The President of the Senate shall, in the presence of the Senate and House of Representatives, open all the certificates and the votes shall then be counted.
The person having the greatest Number of votes for President, shall be the President, if such number be a majority of the whole number of Electors appointed; and if no person have such majority, then from the persons having the highest numbers not exceeding three on the list of those voted for as President, the House of Representatives shall choose immediately, by ballot, the President. But in choosing the President, the votes shall be taken by states, the representation from each state having one vote; a quorum for this purpose shall consist of a member or members from two-thirds of the states, and a majority of all the states shall be necessary to a choice. And if the House of Representatives shall not choose a President whenever the right of choice shall devolve upon them, before the fourth day of March next following, then the Vice-President shall act as President, as in the case of the death or other constitutional disability of the President.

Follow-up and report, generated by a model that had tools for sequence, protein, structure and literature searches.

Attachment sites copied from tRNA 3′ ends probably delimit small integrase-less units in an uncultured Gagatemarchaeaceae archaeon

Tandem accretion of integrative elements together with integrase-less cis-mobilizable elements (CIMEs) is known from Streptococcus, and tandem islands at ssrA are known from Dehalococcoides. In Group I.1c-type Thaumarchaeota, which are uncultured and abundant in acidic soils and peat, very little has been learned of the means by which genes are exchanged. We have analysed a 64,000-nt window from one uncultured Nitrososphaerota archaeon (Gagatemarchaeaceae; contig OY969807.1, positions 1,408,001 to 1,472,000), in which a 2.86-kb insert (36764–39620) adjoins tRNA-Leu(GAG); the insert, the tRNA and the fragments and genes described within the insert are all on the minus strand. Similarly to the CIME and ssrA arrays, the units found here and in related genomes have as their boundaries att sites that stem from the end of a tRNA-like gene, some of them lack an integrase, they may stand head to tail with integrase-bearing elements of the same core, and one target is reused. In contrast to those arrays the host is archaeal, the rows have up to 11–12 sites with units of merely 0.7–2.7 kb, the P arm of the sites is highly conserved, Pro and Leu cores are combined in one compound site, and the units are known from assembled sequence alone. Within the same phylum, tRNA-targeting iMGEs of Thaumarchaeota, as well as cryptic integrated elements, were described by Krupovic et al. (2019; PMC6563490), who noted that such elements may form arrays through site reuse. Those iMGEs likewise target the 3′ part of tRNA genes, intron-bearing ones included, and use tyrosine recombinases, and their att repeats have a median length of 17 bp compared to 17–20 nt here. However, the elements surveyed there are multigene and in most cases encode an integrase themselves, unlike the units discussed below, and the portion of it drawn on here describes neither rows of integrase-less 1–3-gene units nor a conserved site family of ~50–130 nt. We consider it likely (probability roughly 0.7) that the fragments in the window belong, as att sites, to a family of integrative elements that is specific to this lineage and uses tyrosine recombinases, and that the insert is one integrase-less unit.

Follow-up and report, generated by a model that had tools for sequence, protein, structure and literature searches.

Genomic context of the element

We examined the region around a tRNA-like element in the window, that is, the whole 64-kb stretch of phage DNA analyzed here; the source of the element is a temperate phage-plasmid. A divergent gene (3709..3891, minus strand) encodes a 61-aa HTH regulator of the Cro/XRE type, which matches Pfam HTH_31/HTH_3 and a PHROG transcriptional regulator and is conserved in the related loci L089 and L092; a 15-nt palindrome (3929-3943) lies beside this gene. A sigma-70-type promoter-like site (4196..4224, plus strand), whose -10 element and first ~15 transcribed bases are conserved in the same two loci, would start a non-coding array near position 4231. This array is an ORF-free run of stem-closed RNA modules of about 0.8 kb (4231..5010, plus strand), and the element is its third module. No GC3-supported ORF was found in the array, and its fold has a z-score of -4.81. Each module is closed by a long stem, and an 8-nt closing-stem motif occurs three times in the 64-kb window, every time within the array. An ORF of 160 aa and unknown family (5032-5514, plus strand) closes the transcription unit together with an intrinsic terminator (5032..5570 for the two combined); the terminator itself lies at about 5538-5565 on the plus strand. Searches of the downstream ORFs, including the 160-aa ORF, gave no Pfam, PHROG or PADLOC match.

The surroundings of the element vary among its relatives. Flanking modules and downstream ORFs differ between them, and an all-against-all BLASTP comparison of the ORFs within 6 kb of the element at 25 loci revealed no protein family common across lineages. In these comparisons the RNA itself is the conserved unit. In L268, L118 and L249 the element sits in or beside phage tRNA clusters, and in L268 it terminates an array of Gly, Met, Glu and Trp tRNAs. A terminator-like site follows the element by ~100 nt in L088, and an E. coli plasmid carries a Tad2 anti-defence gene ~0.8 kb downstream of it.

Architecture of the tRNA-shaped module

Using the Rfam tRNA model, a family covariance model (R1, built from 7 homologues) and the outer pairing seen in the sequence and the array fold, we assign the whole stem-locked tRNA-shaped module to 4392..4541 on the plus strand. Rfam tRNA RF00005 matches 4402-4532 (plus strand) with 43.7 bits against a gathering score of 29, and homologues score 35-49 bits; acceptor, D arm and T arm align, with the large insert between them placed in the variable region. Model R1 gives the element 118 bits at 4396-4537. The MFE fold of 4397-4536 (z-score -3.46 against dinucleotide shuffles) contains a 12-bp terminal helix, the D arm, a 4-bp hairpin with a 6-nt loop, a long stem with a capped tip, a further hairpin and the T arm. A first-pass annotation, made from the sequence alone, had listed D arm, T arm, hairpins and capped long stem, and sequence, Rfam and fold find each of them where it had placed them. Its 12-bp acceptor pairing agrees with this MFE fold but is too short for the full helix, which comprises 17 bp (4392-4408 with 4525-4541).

The person having the greatest number of votes as Vice-President, shall be the Vice-President, if such number be a majority of the whole number of Electors appointed, and if no person have a majority, then from the two highest numbers on the list, the Senate shall choose the Vice-President; a quorum for the purpose shall consist of two-thirds of the whole number of Senators, and a majority of the whole number shall be necessary to a choice. But no person constitutionally ineligible to the office of President shall be eligible to that of Vice-President of the United States."
The twelfth amendment redefines how the vice president is appointed. This is can be, as history has shown, a very important amendment to have around.
This is a brief history of our twelfth...
Representative James Madison, who was so instrumental in the creation of the Constitution in the first place, drafted a bill of rights. Though he originally opposed the idea, by the time he ran for a seat in the House, he used the creation of a bill as part of his campaign. He introduced the bill into the House, which debated it at length and approved 17 articles of amendment. The Senate took up the bill and reduced the number to 12, by combining some and rejecting others. The House accepted the Senate's changes, voting on September 24th and 25th, 1789; twelve articles of amendment were sent to the states for ratification.
This video explains the twelfth amendment.